Until recently, U.S. shale producers across the board have exercised production restraint due to market uncertainty and pressure from investors to practice capital discipline, but now a production surge in the prolific Permian Basin is leading recovery in the country’s shale patch.
As the energy crunch continues, the price of oil continues to rise, with both Brent crude and West Texas Intermediate approaching $85 per barrel this week. The Organization of Petroleum Exporting Countries is not straying from its plan to gradually reduce production cuts, meaning the organization did not decide to ramp up production in order to supply the deficit market.
Rising natural gas prices, trading at their highest levels since 2014, are also affecting crude oil as demand begins to switch to oil from natural gas (“gas to oil switching”) – an about-face from the long-standing shift to cleaner natural gas for power generation. Analysts across the board are speculating the demand increase on oil; Citigroup estimates growth may be as high as 1 million barrels per day, while the International Energy Agency has a more conservative estimate of 150-200,00 barrels per day.
In the United States, the return of shale production thus far has been slower than what we have experienced in past recovery cycles. This lag in return to production can be attributed to several factors, including pressure from investors to display capital restraint and protect free cash flow, the increasing velocity of energy transition efforts, and overall uncertainty around the duration of demand recovery as the pandemic continues.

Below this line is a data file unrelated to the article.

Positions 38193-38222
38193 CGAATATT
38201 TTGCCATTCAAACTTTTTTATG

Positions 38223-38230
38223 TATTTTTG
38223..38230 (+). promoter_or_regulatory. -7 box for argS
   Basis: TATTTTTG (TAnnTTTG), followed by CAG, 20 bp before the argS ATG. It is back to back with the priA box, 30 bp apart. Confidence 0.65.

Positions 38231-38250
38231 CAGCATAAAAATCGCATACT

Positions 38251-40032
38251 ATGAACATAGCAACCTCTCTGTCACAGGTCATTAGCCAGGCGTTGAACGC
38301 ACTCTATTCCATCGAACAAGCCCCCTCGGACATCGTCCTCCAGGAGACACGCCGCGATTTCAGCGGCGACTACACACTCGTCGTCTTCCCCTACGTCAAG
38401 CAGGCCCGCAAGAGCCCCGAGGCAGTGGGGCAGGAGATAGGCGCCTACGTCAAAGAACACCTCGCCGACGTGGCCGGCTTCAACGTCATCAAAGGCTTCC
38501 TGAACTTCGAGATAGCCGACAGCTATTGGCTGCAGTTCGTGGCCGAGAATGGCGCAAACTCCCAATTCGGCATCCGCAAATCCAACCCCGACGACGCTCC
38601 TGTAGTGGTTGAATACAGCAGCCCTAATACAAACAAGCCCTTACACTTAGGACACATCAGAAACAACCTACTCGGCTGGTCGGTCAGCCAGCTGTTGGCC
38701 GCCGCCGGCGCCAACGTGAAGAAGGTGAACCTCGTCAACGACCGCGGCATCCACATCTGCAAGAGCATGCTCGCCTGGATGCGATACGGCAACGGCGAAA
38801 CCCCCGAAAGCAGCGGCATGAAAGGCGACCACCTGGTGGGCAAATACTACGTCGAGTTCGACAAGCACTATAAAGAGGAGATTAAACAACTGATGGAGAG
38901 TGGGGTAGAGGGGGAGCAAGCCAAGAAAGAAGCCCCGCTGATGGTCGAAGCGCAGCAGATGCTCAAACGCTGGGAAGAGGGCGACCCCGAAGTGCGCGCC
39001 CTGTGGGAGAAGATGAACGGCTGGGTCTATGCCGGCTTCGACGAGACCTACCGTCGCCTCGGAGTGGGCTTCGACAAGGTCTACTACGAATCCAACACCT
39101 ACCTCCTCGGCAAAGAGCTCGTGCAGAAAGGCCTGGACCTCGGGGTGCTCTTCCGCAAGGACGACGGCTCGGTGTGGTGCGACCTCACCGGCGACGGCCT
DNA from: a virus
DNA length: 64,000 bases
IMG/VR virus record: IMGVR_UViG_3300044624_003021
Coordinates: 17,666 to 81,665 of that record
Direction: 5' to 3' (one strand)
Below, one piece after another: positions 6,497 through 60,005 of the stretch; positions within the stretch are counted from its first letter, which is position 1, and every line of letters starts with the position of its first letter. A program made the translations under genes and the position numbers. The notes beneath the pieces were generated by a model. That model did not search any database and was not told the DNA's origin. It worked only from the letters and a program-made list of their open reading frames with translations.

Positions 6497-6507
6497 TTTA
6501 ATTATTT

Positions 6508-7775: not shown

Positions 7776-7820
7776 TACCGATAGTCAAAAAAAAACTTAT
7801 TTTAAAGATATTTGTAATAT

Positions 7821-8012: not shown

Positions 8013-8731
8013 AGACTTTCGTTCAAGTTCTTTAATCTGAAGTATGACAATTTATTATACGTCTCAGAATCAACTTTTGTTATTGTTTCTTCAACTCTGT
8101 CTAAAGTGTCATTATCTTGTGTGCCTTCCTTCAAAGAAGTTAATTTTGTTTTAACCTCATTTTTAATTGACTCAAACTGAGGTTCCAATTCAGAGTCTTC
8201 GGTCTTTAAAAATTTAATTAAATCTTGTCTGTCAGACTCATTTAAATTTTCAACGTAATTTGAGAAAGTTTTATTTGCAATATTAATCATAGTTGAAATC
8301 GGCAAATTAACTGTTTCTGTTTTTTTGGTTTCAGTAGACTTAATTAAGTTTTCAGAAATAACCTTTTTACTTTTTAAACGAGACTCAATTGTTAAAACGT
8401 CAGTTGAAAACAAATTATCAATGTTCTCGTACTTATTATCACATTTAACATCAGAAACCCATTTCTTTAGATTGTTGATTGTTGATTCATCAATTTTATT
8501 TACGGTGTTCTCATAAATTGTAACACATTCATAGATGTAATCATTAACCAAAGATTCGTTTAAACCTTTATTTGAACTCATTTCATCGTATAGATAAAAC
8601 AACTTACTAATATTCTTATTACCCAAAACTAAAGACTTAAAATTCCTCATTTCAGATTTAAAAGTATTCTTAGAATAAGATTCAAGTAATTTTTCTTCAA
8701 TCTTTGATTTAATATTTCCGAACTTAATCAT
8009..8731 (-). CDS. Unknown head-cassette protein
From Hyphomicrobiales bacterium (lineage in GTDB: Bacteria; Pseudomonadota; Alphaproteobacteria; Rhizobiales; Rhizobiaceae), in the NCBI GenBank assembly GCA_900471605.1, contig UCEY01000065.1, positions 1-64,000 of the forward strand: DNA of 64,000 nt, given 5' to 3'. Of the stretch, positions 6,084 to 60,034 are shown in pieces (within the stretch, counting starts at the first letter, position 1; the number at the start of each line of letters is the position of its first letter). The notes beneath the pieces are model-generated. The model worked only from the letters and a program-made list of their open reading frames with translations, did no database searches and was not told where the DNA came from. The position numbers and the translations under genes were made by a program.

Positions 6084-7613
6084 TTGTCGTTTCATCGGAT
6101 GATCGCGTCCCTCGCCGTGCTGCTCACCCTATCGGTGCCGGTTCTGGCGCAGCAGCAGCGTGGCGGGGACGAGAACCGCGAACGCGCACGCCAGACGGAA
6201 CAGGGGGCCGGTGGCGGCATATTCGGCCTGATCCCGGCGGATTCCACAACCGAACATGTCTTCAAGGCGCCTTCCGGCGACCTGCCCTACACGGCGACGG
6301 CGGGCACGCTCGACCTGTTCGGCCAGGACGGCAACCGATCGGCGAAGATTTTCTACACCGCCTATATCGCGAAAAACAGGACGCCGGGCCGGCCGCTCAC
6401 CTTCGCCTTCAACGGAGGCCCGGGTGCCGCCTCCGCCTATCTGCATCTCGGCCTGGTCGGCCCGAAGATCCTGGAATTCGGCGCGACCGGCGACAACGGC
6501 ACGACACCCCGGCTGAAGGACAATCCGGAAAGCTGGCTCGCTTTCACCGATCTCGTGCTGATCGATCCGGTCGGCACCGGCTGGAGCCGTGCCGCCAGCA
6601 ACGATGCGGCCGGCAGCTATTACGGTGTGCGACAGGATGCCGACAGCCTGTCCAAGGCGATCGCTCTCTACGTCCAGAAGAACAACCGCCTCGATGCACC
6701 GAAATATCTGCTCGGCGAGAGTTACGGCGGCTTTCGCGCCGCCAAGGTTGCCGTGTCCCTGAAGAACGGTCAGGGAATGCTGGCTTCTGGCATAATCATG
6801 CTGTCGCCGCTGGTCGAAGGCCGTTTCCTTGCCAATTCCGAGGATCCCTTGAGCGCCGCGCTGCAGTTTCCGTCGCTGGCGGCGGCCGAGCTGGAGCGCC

However, while total U.S. production is still behind compared to prior years and below current demand needs, the Permian Basin is making a comeback. The Permian is responsible for almost 40% of all U.S. oil production and 15% of U.S. gas production, according to the Federal Reserve Bank of Dallas, and has increased output to nearly 5 million barrels per day in October, which is very close to pre-pandemic levels.
The Permian is generally the lowest-cost shale basin, meaning drilling there is profitable at lower prices, comparatively. The low break-even costs are due to several factors including location (a large part of the basin is in Texas where there is a favorable market), its massive size, and most importantly, the fact that it is made up of stacked formations allowing for more efficient extraction.
For these reasons, it is not a surprise that the Permian is leading the way in return of production, but it’s important to note that the boom is led by private operators (instead of public companies that historically have led the way) taking advantage of the high-price environment without the restraint pressure from investors.
Broader sector implications
While the increase in output in the Permian is a clear signal to the market that production restraint is not forever, total output is still behind, so the ramp up of production is unlikely to significantly affect the high-price environment in the near future.
In the face of a worldwide demand surge, the increase in production domestically will help replenish inventory shortages and keep the deficit to moderate levels within the United States. As we look ahead to 2022 and beyond, it is our viewpoint that this supply trend will continue and further temper prices. While high prices may impact middle market companies in the short term, leaders should consider the potential duration of the price surge as a part of their long-term strategy.